JPM is a JPEG2000 bitmap category file format. The JPEG 2000 Part 6 standard defines that the .jpm extension refers to the JPEG 2000 Composite Image File Format. The JPEG2000 graphic format is a new standard that appeared in 2000 as an update to the JPEG format. He uses a type of technology called wavelet compression, which provides the best ratio of size and quality. The JPM format (i.e., the JPEG 2000 Multi-layer Image Format, ISO 15444-6) was developed for documents that have multiple pages and can be processed as a multi-page photo converter. The purpose of the JPEG 2000 Part 6 composite image format is to work primarily with documents and facsimile images. Compared to regular JPEG 2000 images, a .jpm file is a composite image with many layers. This file can have many pages. Moreover, each such page can have several raster objects. Moreover, in different encodings (JPEG, JPEG 2000, JBIG). They are located in a certain way and make up a single whole. JPM files are used as “digital originals” that store scanned copies of documents and other images and / or texts.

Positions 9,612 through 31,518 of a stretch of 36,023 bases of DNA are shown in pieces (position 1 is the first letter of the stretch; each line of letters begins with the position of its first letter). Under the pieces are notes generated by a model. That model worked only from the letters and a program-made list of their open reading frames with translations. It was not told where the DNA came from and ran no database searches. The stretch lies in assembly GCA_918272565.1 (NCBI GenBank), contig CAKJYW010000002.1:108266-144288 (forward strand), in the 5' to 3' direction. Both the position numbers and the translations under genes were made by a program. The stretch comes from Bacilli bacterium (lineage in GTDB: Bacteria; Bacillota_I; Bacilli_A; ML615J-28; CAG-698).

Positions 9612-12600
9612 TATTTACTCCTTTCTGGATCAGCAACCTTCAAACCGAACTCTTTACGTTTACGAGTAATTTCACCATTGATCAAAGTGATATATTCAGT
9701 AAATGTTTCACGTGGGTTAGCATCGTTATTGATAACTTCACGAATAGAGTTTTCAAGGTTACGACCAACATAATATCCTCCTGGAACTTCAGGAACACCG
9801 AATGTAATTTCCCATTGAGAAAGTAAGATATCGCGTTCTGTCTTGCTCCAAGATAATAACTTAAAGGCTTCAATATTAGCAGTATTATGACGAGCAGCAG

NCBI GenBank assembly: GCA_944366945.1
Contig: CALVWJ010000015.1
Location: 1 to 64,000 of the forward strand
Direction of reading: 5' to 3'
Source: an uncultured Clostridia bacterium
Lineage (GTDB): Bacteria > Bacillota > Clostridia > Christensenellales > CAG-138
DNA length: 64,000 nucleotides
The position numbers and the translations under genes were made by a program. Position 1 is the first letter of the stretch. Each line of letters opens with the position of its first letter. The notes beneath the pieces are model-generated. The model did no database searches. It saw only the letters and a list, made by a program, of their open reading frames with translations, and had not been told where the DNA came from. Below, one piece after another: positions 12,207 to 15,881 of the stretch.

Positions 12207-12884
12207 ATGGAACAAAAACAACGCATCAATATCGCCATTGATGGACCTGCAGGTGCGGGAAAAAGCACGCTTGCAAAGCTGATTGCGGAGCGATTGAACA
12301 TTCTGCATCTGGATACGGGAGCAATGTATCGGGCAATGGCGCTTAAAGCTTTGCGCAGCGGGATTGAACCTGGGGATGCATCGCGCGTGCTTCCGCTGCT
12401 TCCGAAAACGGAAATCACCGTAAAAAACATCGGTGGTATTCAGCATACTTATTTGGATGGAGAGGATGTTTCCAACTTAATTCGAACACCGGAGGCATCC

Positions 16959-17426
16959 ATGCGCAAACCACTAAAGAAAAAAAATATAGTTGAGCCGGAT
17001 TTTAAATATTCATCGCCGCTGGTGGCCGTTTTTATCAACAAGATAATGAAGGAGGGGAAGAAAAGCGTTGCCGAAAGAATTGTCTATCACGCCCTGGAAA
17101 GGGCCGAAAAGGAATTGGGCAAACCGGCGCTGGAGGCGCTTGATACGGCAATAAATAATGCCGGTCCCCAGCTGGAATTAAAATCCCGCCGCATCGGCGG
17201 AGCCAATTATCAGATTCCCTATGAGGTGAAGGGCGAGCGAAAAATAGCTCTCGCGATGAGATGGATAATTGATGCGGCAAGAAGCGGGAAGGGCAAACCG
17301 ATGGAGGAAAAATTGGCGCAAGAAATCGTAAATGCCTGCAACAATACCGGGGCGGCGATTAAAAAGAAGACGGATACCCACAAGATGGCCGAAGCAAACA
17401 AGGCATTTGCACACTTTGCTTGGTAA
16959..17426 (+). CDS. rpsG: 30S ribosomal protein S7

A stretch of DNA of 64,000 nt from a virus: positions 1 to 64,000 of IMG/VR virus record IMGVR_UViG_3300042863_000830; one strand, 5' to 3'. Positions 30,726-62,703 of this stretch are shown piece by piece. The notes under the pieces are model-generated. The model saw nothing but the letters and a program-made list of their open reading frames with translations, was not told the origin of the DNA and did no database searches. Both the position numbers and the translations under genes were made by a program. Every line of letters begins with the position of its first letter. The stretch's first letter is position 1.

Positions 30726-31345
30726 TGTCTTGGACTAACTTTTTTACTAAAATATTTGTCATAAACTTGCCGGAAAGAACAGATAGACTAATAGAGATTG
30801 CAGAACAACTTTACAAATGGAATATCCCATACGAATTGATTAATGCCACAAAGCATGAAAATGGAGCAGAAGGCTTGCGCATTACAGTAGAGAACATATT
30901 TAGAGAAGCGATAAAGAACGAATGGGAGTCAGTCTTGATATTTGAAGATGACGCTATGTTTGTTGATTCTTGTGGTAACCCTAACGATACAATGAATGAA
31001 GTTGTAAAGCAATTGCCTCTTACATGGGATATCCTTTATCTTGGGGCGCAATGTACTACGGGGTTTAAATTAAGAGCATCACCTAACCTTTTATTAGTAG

JNX is a raster map format. It refers to the so-called tile formats, by which you need to understand a large-scale raster image on the map, divided into smaller rectangular parts. This is necessary so that the display of the navigator is accelerated. JNX files are used on Garmin devices to display satellite maps that are available through BirdsEye subscription. In devices for these files, space is allocated on the internal drive in the Garmin \ BirdsEye folder or on the SD card. The coordinates are stored in the form of signed 4-byte integers. The coordinates of the two corners of the map describe two pairs of numbers: one is latitude, the second is longitude. Tiles are standard JPG drawings. Their lion's share in BirdsEye cards is with a resolution of 256 by 256 pixels. There is support for images and larger. Devices are endowed with the ability to display tiles up to 1 megapixel in size. If the sizes go beyond this limit, then the image is automatically reduced with a loss of quality. There is a significant limitation of the JNX format. Such is the rigid binding of cards to a specific device. The JNX format is fully explored. An exception is only part of the loader service data block. However, when you create your own maps, this can be neglected. There is a set of utilities with which you can convert raster maps to JNX format. They serve for reverse conversion. Files in the JNX format have a binding code for the device. Despite this, there are ways to use your own JNX cards in Garmin navigators.